Baton Rouge nurse on personal mission to get underserved, vulnerable populations vaccinated
BATON ROUGE - The COVID-19 pandemic, now more than a year long in Louisiana, is personal for Carla Brown.
The nurse unknowingly brought home the virus last spring. Several family members, including her husband, tested positive. The man she calls the love of her life died months later from complications.
That was in July 2020, months before any vaccine was ready and authorized by the FDA. Brown's husband never got the chance to get his shot. She doesn't want anyone else to have to experience that.
"Whatever it's going to take," Brown said. "I just want to get the minority and those most in need to get this vaccine."
She's doing something about it.
As rollout started in December, Brown noticed the obstacles many were facing to try and get vaccinated.
"We have a population of people who are not computer-savvy, don't know how to use a smartphone," Brown said.
Brown refused to let people who lacked access to appointments or transportation to miss the potentially life-saving shot.
She started reaching out to her community and those she encountered through her job at a Baton Rouge hospice center. She made phone calls and went door to door to find out who needed the vaccine. She's even putting plenty of miles on her car, picking up the elderly and underserved, and driving them to vaccine locations around the capital area.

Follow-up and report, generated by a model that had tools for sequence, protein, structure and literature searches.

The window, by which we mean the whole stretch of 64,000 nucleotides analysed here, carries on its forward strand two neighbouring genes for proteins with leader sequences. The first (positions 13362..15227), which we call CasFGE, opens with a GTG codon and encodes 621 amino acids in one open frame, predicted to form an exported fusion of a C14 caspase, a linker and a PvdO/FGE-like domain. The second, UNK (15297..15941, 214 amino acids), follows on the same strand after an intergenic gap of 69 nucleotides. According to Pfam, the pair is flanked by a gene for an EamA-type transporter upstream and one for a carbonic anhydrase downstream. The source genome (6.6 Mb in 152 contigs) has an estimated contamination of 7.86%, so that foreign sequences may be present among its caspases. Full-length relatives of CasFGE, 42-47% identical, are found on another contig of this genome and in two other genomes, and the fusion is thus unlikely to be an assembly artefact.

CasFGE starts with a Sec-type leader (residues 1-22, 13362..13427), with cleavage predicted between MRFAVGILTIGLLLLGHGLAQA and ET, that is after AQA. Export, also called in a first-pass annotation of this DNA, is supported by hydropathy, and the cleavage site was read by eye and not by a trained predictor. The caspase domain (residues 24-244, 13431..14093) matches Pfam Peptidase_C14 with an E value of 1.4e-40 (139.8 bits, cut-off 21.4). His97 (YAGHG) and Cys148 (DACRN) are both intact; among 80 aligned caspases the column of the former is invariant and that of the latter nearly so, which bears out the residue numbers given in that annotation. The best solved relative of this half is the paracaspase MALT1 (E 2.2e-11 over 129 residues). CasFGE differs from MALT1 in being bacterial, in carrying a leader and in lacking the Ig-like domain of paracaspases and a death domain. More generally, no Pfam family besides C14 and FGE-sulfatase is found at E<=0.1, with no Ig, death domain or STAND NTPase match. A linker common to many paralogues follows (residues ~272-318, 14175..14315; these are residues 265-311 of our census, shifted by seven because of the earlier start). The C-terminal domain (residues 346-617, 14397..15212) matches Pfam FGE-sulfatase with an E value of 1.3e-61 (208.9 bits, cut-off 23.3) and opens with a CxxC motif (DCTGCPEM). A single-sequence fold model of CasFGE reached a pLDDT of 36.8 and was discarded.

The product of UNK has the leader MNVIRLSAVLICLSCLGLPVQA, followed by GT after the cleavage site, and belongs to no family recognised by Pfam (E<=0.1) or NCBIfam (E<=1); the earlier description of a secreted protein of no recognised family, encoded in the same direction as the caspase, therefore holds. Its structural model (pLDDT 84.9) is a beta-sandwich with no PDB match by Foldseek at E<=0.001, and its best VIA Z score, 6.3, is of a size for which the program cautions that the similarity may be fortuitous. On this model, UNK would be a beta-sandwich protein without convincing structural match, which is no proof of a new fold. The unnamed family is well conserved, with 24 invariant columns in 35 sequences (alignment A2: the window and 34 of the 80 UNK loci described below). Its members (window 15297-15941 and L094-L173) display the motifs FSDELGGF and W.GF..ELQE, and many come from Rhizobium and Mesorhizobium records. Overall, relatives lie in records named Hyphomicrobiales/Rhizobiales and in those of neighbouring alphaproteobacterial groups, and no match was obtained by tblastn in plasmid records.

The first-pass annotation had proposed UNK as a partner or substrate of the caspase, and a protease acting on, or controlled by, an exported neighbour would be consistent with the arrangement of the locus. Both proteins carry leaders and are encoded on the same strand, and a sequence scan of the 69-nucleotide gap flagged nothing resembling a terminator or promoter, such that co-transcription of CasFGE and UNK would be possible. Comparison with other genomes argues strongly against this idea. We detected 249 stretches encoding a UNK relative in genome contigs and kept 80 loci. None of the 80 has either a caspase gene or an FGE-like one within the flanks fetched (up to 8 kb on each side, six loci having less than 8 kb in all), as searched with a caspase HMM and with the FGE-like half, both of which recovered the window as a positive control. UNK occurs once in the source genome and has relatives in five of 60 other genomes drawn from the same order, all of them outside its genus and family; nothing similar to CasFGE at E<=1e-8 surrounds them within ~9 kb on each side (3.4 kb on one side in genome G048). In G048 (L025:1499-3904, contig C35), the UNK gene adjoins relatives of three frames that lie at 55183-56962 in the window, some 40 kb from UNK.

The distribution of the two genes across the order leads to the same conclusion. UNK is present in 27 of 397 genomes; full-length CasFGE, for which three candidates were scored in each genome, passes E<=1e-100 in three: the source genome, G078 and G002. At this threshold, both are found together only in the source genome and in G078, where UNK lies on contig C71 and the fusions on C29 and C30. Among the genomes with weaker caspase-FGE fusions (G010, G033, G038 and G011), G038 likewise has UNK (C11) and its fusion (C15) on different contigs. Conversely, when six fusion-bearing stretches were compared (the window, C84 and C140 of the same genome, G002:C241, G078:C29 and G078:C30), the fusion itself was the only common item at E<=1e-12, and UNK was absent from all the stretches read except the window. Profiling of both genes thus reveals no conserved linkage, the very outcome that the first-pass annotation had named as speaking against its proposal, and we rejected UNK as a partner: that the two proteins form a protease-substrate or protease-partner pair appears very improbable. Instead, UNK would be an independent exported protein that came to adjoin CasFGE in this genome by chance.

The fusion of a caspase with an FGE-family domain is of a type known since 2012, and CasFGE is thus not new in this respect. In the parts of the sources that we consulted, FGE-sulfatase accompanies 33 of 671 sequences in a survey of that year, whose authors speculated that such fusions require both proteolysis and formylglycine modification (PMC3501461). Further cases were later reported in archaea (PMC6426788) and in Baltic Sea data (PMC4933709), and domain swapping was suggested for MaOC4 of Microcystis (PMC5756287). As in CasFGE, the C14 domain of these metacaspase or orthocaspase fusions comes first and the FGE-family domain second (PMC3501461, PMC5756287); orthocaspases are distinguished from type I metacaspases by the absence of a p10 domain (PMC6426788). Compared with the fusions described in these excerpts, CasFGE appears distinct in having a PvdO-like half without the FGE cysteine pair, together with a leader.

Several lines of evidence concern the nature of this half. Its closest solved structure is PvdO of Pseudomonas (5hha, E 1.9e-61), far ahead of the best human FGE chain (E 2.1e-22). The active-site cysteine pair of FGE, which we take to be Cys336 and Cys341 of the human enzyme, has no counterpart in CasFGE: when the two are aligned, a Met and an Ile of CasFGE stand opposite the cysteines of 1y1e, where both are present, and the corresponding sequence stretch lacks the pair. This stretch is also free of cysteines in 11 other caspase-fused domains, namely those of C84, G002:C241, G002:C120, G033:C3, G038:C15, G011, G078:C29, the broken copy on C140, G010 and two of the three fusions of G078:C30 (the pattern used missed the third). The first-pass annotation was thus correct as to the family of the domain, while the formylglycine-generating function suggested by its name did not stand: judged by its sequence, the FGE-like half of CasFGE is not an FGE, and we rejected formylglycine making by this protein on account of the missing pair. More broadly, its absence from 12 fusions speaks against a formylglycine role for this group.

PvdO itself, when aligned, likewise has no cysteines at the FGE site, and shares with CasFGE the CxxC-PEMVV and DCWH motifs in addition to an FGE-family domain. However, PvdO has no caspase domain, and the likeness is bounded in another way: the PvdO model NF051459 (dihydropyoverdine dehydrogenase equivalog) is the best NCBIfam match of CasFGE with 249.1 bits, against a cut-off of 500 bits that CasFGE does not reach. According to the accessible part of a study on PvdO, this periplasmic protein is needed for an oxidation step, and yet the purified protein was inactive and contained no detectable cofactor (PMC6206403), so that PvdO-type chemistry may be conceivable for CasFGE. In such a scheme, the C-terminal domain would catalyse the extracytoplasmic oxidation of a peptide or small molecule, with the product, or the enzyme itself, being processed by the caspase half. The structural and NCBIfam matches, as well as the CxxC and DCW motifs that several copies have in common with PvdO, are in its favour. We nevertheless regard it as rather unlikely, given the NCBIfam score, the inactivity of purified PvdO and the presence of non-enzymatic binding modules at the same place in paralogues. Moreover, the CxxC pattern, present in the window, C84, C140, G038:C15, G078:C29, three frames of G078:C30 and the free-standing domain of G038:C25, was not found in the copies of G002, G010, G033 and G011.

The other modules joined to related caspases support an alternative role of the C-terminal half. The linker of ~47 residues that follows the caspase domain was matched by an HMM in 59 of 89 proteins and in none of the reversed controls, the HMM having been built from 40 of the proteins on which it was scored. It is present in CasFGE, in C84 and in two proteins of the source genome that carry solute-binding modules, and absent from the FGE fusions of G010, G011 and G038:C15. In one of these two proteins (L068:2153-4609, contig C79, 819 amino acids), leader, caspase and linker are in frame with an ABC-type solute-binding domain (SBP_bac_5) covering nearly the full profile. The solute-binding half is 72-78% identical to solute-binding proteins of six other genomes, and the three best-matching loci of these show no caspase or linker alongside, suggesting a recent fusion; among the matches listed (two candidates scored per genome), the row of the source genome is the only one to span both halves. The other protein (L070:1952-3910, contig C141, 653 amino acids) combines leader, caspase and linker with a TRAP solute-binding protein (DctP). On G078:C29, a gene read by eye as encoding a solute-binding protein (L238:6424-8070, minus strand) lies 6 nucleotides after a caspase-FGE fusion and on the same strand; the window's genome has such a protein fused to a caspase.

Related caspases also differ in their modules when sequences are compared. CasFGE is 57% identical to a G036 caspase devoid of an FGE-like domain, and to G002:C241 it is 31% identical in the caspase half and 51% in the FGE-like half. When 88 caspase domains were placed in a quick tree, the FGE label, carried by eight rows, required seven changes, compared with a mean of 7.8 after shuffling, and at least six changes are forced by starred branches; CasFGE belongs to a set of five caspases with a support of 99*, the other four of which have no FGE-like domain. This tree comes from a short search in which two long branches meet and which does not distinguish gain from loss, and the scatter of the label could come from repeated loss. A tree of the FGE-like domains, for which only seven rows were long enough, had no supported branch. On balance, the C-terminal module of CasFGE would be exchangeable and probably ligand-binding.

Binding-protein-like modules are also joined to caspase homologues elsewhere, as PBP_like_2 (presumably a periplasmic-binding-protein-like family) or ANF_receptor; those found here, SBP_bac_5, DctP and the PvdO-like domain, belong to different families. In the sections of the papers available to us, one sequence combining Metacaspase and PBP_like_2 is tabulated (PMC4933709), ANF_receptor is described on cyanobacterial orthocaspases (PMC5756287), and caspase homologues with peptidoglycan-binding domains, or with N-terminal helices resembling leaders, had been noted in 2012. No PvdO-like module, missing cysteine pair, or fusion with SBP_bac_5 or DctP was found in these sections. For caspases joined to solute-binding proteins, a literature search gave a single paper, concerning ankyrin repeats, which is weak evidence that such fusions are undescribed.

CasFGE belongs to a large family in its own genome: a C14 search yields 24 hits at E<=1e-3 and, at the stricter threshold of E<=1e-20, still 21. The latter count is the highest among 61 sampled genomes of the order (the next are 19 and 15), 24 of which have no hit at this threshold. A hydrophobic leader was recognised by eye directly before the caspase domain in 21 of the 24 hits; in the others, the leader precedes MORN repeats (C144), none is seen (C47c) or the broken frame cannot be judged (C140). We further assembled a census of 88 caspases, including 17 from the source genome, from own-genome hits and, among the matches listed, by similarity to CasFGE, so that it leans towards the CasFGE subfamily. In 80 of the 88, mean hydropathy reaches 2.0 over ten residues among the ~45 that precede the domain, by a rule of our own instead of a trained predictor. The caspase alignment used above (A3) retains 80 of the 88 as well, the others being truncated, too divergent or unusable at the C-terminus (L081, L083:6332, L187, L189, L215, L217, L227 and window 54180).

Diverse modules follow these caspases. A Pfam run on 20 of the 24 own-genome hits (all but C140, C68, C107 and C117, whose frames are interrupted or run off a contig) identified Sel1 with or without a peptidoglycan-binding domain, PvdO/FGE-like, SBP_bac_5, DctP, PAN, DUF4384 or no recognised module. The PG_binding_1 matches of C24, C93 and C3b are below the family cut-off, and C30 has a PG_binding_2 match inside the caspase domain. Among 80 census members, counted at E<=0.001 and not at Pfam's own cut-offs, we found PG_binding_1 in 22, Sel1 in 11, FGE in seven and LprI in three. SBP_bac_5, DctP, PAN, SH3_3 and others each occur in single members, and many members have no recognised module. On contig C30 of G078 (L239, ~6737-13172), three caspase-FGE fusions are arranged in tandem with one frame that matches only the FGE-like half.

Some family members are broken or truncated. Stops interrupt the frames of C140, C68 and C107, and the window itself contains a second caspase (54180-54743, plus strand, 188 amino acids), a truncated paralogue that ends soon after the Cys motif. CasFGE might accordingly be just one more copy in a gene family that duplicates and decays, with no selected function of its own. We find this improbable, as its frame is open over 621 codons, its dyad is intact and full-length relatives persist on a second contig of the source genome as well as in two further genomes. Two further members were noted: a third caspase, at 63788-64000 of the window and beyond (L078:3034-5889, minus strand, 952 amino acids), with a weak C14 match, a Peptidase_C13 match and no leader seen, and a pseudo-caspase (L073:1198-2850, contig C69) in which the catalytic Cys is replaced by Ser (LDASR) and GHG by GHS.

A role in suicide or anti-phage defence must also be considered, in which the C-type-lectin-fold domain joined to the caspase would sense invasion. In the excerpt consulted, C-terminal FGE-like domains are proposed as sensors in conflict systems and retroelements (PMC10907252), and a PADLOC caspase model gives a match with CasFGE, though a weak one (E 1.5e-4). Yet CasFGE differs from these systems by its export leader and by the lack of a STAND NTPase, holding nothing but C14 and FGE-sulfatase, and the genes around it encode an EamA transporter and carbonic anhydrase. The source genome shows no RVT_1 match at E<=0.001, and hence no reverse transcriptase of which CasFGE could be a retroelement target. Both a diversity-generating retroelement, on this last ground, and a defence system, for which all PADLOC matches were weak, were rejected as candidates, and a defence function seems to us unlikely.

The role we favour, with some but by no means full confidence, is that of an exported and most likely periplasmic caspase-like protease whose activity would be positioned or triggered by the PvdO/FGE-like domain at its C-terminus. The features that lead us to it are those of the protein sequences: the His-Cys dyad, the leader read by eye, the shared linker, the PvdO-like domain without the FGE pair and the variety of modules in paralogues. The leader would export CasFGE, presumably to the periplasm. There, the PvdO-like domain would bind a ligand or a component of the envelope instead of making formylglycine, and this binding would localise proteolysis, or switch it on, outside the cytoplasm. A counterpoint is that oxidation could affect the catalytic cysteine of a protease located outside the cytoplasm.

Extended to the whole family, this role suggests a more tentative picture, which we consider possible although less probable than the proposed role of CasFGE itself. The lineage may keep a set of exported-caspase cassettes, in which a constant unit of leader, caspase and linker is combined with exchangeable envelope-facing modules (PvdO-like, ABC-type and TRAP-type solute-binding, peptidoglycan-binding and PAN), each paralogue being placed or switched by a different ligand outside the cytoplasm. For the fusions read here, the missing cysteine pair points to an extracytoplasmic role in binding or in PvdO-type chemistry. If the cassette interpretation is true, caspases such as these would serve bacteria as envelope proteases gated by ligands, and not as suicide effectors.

"I'm still knocking on doors in my own neighborhood," Brown said.
Brown also works to help people who aren't trying to find vaccines. She convinces many who remain skeptical of the value and safety of the injections.
As of Wednesday, just 25 percent of those in Louisiana who have started the vaccination process are Black.
"It's about face-to-face, persuading them, showing them, 'hey I got this vaccine, my dad, 90, received this vaccine, you need to get it,'" Brown said.
Brown calls her approach firm, with love.
"You want to go to your grave early, or you want to live? That's been my sales pitch," Brown said. "Well, no nurse Brown. Then we need to have this conversation."
Sometimes even Brown's straight talk doesn't get the job done. So she goes further.
"Some I just physically took in my car and brought," Brown said. "Refused to take no for an answer. It's an everyday effort."
Brown has gotten dozens of people vaccinated, but says it's not enough.
To me that's a low number, that's a small number," Brown said, fighting back tears. "I still feel defeated, because that is a small number. I feel that can be better."
With help from her team at her day job at Canon Hospice, the phone calls and follow-ups and home visits continue.
Brown says the mission to honor her husband is far from over.
"It's such a void, and we are missing the mark," Brown said. "I don't think I'm going to rest until I see the numbers come up in the minority."
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